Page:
Similarly, resilience to remain operational during natural disasters will be important in some parts of Africa, as will resilience to disease and infections given trends towards antibiotic resistance. Interiors fitted out with bacterial resistant materials and ‘self-healing’ surfaces will help infection control, as will rooms designed to be cleaned by robots. Added to this, a resilient hospital will increasingly enhance the working environment, improving staff retention and engagement rates, making the facility extremely competitive in attracting the very best clinicians.
High performance smart hospitals and medical facilities may be rated and attain excellence across multiple measures of performance; from energy-efficient building systems to improved clinical outcomes, and enhanced patient and staff wellbeing. Leveraging global trends to design and build African healthcare facilities based on the patient-centric approach, will allow public and private sector providers to ensure a better experience and deliver value and return-on-investment across the board. In particular, we must move away from the principle of big concrete blocks that have a surgical and clinical feel and towards creating well-designed, functional spaces that are future ready as well as economically and sustainably sound.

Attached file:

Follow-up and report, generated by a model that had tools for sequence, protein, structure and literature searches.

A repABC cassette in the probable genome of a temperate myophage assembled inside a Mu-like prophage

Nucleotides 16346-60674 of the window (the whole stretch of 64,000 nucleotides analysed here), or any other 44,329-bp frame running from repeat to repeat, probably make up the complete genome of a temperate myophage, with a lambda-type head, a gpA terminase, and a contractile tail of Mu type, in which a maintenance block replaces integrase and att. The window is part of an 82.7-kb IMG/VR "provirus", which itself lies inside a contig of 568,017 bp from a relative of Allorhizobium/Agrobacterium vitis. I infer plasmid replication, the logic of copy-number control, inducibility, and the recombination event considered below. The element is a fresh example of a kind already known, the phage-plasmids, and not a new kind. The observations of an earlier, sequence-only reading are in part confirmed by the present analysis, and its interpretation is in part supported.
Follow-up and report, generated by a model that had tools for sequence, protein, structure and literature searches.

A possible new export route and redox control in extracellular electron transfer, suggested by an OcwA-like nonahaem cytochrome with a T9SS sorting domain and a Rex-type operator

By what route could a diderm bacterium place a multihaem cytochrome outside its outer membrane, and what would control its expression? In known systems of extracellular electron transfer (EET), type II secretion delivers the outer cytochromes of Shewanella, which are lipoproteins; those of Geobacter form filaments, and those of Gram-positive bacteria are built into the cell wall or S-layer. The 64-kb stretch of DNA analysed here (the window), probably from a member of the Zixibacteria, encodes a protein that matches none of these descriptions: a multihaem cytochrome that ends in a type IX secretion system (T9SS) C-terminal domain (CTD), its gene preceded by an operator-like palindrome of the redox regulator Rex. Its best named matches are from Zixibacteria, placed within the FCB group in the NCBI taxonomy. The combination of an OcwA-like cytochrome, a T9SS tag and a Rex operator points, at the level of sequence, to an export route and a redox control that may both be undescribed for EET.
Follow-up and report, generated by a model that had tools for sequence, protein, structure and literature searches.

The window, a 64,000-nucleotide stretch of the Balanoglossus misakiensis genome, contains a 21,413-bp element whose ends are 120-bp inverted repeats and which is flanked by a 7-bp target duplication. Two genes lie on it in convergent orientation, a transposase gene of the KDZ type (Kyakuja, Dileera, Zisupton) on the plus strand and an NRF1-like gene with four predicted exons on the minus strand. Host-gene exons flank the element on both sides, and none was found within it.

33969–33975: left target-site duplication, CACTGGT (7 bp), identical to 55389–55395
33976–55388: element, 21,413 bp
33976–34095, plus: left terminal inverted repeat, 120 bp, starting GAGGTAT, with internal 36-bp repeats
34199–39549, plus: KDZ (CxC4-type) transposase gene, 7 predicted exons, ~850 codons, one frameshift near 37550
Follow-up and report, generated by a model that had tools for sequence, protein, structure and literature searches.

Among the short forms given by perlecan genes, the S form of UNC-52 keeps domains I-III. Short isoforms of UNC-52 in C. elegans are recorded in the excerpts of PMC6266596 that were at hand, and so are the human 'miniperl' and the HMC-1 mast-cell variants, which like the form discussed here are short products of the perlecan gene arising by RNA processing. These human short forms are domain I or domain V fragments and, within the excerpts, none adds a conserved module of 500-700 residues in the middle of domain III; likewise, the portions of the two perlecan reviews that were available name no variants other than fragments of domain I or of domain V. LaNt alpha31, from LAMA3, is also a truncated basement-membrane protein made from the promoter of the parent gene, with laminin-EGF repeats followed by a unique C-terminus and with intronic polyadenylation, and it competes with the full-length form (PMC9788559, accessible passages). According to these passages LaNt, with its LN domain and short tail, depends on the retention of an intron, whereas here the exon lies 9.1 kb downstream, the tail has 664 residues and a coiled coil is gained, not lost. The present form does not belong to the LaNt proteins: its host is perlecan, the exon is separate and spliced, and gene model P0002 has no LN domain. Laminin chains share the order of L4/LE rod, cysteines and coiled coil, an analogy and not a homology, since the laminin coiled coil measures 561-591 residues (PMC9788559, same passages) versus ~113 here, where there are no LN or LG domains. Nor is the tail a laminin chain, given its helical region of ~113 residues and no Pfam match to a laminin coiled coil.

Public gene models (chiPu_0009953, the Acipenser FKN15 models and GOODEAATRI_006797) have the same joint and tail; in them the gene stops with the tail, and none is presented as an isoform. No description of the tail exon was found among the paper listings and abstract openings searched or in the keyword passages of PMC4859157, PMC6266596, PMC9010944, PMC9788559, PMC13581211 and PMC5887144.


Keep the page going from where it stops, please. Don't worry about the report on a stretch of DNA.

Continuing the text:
By Laura Swanepoel, Head of Healthcare, Building Services, WSP in Africa